Corey Mwamba


So, how was the trip?

Well. It was lots of things. I've been putting off writing about this for a few days—there have been a lot of things to process about it all. It's left me sure about my craft/art, but unsure about where I want to be. So I think this is a story that will filter out into other things—tumble into other writings. So please excuse me if this ends abruptly.

I think I'll start with describing Skopje quickly. There are certain things that are easy to find out about Macedonia from the Internet: so it's almost boring to state the economic précis given by most sites is borne out by seeing the unfinished buildings, roads, and other signs of people who are not looked after surrounded by things that are not looked after. In many ways it reminded me of Jamaica—not the nice posh hotel areas, you understand; just the bits where real people live. What this usually means is that you see some irritated, stressed people about, some who will have no chance of travelling and experiencing different cultures, who won't understand you. This didn't get seen as racism by me in Jamaica, because we're all the same colour: but I was wrong enough to see it as such in Skopje for the first few days. But they are not and I was not being fair to people who only get their knowledge of black people from rap "stars" on television. I could write more on this, but I think you get my point. U.S. cultural imperialism, misuse of capitalism, market forces, and so on.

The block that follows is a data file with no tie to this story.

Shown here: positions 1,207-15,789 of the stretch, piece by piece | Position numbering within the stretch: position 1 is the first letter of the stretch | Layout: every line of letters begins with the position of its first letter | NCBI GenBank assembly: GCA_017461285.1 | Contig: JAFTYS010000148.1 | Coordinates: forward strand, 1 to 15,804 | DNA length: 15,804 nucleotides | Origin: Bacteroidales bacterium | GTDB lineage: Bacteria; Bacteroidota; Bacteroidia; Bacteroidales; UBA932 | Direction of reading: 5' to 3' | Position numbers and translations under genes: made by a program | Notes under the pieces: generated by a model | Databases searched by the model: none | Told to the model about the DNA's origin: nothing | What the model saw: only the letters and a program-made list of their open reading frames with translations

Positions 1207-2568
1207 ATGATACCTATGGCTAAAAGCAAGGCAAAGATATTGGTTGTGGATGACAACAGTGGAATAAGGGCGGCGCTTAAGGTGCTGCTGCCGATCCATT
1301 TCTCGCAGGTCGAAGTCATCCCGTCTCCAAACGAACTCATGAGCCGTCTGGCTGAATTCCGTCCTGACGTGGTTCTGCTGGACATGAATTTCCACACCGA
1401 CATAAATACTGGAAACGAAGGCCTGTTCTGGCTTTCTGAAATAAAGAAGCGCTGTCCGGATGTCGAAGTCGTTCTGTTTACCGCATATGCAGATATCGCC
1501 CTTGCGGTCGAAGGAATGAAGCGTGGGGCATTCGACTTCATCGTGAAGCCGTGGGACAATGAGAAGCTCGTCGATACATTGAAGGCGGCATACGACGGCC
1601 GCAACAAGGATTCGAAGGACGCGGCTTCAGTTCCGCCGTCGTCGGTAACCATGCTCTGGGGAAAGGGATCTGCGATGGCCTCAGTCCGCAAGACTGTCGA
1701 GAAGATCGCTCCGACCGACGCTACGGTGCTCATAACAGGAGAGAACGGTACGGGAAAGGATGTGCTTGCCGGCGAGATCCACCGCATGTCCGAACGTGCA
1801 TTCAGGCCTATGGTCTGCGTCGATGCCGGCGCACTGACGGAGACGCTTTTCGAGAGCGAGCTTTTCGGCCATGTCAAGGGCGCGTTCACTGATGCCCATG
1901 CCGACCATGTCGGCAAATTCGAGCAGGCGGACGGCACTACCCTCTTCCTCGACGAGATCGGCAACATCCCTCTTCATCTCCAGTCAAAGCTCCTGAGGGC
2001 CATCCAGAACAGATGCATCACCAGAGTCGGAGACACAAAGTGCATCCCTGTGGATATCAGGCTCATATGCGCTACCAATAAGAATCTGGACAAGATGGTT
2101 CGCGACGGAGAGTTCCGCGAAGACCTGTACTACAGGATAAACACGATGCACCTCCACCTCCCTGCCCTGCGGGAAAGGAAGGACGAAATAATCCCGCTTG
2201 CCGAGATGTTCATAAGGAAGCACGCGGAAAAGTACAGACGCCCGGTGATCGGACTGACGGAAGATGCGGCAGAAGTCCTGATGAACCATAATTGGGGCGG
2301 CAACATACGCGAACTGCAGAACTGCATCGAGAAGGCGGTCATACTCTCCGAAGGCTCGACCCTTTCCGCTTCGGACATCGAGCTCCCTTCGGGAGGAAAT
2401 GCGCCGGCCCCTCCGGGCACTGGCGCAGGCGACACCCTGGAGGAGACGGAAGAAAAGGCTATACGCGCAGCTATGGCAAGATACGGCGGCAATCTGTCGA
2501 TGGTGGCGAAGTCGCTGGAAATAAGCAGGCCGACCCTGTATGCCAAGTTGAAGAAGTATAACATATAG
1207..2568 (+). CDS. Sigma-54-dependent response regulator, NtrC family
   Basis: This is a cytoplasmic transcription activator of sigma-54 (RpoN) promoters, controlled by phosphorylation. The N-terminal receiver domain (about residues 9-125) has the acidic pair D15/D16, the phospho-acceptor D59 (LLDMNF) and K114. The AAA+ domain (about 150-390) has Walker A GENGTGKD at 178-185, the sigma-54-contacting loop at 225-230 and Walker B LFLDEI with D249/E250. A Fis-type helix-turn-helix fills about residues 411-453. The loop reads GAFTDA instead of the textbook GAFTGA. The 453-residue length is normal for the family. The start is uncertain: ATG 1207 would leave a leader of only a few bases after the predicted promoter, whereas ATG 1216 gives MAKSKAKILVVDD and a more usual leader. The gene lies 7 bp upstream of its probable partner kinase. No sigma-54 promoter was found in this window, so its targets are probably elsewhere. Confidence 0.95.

But let us not dwell on the sad bits. Skopje is encircled by gently undulating fog-topped hills: I didn't get chance to see more of Macedonia, but a quick trip to Veles on my last day was enough; I was in a beautiful country, with wonderful people.

I'm going to talk a bit about what I did out there. It was great for me in that sense—I was able to be totally honest and open there, more so than I have been before [with the exception of working with Josh and Dave]. My first concert was packed and very well received. It is sometimes a strain playing from the heart in the U.K.—there are certain places where you cannot express things and they stay hidden. Not so there. I felt totally free and was so. The second gig was totally different: I rounded up the superb saxophonist Diego Cofone, Danilo Loiacono, Nolwenn Donnet–Descartes from IfIfBetween, the Greg Felton Trio, Fidl, and Branko Ilievski to play around the space of the museum while I conducted them. It was a lovely feeling, seeing a group of people who hadn't met working together and an experience the audience seemed to really appreciate. I met lots of other good musicians too and other artists too. And lots of local people who were passionate about culture, fun to hang out with, and open.

So it was good, and I've come back, but I am now unsettled about here. I'm not really getting into all of this now, but it's fair to say that Skopje affected me quite deeply.

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